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"To Do" List.

Byline: Nevin E. Adams

Summary paragraph: I've never been much of a list-maker. I've been through all the time-management training classes that emphasize the importance of that focus, but I've always felt the process of putting together "to do" lists just kept me from doing what actually needed to be done. However, shortlists -- or lists that focus on a particular project -- can be extraordinarily useful in helping organize and/or prioritize. These I tend to do on scraps of paper that might be unintelligible to anyone else, and their "shelf life" tends to be rather short. Yet, no matter how agile one's brain is, there is value in that simple physical organization.

It is in that spirit that this month's cover story ( outlines 10 things that you might be doing wrong as a plan fiduciary. Most of these likely aren't on your daily task list -- but they should be on your radar screen.

Something else that is almost certainly on your radar screen is fees. This month's issue looks at the potential impact of expanded participant communication on the subject. "Price Lines," ( this month's Know How, is designed to help participants better understand the elements of those fees. Those curious as to how much your participants know about how much they pay will find this issue's "Survey Says" ( to be an instructive view into what your peers think their participants know.

Speaking of things you want to know, this month's issue also contains a deeper look into the new hot topic of Multiple Employer Plans (, or MEPs. While they have been around for many years, their use picked up when the IRS, in 2002, issued Revenue Procedure 2002-21, ruling that defined contribution plans sponsored by professional employer organizations (PEOs) would be treated as MEPs. As fiduciary concerns grow, these programs look even more compelling to some companies. We focus on five things you'll need to know to make that assessment.

Another burgeoning trend -- and another spurred by concerns about fiduciary liability -- is the hiring of what is called an ERISA 3(38) manager, who takes on fiduciary responsibility for making investment decisions for the plan. That's an appealing notion for many, but there are things to consider. Check out "Going All the Way" ( inside this month's issue. It is also the focus of Fred Reish's column ( this month.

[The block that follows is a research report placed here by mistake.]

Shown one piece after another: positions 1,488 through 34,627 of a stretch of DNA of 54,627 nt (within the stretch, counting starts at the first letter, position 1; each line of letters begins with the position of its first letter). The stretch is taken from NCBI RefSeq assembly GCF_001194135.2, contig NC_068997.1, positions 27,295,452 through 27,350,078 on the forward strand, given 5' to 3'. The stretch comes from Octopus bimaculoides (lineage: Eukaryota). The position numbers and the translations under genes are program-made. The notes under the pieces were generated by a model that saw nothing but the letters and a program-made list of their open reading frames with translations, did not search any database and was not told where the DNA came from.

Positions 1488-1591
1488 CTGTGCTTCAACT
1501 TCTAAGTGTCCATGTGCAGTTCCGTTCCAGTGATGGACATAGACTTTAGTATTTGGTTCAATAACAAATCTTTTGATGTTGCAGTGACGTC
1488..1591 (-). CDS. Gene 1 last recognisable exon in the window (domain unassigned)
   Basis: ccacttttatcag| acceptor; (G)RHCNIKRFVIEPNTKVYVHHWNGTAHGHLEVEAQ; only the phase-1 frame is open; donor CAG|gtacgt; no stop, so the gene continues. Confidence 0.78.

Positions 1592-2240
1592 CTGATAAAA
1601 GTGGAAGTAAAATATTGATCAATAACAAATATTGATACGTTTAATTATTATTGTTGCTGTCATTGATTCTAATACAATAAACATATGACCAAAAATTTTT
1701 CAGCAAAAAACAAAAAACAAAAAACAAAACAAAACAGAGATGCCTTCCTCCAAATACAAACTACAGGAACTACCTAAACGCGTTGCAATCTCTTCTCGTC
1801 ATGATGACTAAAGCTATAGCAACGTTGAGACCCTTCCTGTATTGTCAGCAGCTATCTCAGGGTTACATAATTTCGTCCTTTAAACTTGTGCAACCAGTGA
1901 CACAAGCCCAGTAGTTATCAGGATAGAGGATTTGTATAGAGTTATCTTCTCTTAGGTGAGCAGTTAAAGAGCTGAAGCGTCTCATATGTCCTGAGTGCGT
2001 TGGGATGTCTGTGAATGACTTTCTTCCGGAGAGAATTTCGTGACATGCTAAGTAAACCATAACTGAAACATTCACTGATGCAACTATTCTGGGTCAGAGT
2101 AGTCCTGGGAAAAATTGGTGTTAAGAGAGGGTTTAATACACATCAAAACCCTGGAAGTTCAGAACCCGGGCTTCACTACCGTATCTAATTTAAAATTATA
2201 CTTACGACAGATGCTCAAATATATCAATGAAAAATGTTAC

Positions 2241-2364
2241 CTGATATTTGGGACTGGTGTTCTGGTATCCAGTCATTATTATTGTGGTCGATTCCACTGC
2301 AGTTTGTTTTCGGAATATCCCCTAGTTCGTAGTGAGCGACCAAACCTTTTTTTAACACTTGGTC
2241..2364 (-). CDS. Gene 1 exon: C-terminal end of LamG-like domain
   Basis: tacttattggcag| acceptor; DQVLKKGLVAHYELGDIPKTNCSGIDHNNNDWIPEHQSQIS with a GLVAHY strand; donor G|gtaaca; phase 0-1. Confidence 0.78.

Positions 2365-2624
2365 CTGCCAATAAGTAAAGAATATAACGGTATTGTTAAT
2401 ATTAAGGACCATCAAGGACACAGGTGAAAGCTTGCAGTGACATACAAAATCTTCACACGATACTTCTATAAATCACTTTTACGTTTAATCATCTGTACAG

This month, you'll also read why nearly two-thirds of institutional funds utilize exchange-traded funds (ETFs) ( during the transition management process, compared with 38% in 2010, and how one court found that the fiduciary exception to the attorney-client privilege rule ( extends to communications regarding plan administration between an ERISA trustee and a plan attorney. You'll also discover the growing allure of unconstrained bond strategies in your portfolios. Meanwhile, Mike Barry ( asks if we should pay people to save, and Steve Saxon ( explains why the Supreme Court's recent ruling in the Amara case opens the door for participants to bring claims for money damages based on misleading plan communications.

All this -- and much, much more! Enjoy!

Nominations Open!

Each year, the editors of PLANSPONSOR magazine, the industry's leading resource for pension- and benefits-related news, choose a plan sponsor that demonstrates leadership in providing a more secure retirement for workers. As we have the past several years, we're asking for your help in identifying qualified candidates for the award.

Nominations may be made by providers, advisers, consultants, actuaries, attorneys, third-party administrators, employees, or colleagues. All we need from you is contact information and why you think they are deserving of the award -- and we'll take it from there.

More information and a link to the nomination form are online at (
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Article Type:Editorial
Date:Oct 1, 2011
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